The 5 Things You Need to Survive a Job Loss


Losing a job can be one of the most challenging struggles a person can face in this — or any — economy. Many people feel lost and unprepared for such an abrupt change in their lives, but it doesn't have to be that way. Having a thorough plan can help you deal not only financially, but mentally, too. Here are some things you need to have ready in case of an upheaval in your professional life. (See also: Help! I Lost My Job!)

1. Savings

The general rule of thumb is to be sure you have three months of savings ready to go at all times in case of job loss or other emergencies. However, this number is not set in stone, and in the new economy, many advisors suggest that saving as much as a year's worth of expenses is the best route to go. Check this guide to calculate what you need. Deciding how much savings to keep depends on a number of factors, such as the demand for your skills in the marketplace, your budget and expenses, and other sources of household income (such as from a partner or spouse).

Begin saving bit by bit, putting your money in a place that is hard to access, like an online-based account. There are many online savings accounts that also carry decent interest rates, which can make your emergency savings work for you. (See also: 5 Best Online Savings Accounts)

2. A Large Network

If you aren't the "social butterfly" type, now is the time to get out there and expand your professional network. If your job suddenly is taken away, the old adage "it's not what you know, but who you know" will come in to play more than ever. Make sure you have a reliable network of colleagues. Your network can be your most valuable tool in a professional crisis.

Start by going on LinkedIn and finding groups of people in similar professions in your area. EventBrite and MeetUp also are great resources to help build your professional network. (See also: Hidden Networks That Can Help You Land a Job)

3. An Updated Resume

A resume showing your most recent skills and experience is a powerful tool that will take the least amount of effort on your behalf. If you suddenly lose your job, the time you take to update an old resume could have been spent looking for new contacts and new jobs. Always have an updated resume at the ready. (See also: Get Your Resume Past the Resume Filter)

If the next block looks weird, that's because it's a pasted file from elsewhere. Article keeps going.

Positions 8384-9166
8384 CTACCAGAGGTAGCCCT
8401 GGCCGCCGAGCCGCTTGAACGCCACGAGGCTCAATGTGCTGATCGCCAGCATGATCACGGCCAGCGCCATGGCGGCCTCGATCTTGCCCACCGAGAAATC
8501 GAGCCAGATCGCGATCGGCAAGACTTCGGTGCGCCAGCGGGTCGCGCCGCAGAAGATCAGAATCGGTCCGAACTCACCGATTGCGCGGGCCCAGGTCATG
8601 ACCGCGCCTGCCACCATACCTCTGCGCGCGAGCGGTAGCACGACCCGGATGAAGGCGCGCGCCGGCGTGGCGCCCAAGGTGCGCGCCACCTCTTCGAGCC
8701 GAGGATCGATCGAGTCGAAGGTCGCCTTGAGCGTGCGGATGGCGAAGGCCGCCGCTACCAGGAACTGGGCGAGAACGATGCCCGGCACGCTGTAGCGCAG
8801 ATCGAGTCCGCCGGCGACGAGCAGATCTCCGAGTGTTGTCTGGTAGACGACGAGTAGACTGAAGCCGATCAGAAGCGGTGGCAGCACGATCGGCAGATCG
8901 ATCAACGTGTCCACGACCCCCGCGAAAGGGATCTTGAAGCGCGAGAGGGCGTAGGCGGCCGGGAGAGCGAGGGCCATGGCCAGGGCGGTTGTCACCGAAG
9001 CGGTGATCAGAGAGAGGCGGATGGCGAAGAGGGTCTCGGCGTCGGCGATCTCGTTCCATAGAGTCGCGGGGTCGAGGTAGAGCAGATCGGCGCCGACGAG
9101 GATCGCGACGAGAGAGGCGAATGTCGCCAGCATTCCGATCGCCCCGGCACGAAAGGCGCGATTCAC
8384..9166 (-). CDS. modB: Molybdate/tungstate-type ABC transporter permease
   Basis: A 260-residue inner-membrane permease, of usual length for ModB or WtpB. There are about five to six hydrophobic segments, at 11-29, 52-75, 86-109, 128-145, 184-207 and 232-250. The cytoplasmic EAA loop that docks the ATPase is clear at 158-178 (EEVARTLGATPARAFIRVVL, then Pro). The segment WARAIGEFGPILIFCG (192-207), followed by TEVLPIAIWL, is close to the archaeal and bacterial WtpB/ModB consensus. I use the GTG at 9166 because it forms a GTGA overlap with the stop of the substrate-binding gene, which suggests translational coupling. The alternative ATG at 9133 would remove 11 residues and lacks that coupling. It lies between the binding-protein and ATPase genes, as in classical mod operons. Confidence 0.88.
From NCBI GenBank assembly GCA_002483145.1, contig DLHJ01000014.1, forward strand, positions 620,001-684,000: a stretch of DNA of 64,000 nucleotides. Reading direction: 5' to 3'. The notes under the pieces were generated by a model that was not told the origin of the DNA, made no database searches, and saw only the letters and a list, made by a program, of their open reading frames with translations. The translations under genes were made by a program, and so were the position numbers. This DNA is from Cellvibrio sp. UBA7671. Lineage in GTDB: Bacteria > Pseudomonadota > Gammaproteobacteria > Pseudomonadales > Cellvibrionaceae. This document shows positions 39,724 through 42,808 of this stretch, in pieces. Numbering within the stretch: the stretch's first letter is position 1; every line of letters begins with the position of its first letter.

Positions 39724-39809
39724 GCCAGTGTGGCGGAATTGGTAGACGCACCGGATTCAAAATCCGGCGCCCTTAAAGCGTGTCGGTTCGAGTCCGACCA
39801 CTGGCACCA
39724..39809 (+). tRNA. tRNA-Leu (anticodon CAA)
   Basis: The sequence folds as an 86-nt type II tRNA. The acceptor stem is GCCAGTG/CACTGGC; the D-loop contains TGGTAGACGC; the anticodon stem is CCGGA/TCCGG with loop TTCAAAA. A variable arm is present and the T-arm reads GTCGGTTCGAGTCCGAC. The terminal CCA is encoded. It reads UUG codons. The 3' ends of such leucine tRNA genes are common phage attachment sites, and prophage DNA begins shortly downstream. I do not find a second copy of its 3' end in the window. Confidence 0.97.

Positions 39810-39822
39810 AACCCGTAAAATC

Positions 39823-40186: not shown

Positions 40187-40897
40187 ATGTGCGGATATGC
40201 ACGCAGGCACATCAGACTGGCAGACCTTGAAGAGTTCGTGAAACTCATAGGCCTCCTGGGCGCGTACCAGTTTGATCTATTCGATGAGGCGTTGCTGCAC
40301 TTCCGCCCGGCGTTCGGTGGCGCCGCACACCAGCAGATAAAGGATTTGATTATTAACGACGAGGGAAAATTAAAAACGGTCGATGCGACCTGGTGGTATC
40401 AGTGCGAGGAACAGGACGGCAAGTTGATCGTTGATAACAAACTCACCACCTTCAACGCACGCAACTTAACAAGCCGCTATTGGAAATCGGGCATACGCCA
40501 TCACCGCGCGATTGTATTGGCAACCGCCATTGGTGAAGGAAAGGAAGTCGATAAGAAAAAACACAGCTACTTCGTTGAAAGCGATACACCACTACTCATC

Take the time to not only update the text in your resume, but also the appearance of your resume to help it stand out, especially if you're in a field that's design-related and is highly competitive. If renovating your resume feels like an overwhelming task, here's a guide to help you focus on what to tweak and where.

4. A Strategy (With Your Partner)

If you feel that your job might be compromised in the near future, it's best to discuss this with your partner. Waiting until it actually happens can send everyone into crisis mode and, let's face it, many people can't think clearly when in crisis mode. Lay out expectations, and have a plan B ready that includes at the minimum an emergency budget showing where you can cut costs in case your fears do become reality. And if you're single, it's even more beneficial to you to have a plan laid out, as there may not be a secondary source of income supporting you.

5. A Thorough Understanding of Your Benefits

If you are let go, it's important to know what the company is offering you as a settlement. Can you and your family count on health insurance for a few more months? Is there a sum of money that you can expect to sustain you for a little time? What happens to any retirement funds that were through the company? Get written information that explains in detail what you're entitled to if you're laid off.

Have you been laid off or let go from a job? How did you get through it?

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Donna Freedman's picture

Yep: When MSN Money laid off all its writers simultaneously last September. Due to that network you mentioned I had a replacement gig within a couple of hours -- but not at the same pay rate. That's why having an emergency fund was essential, as was my ability to stretch a dollar.
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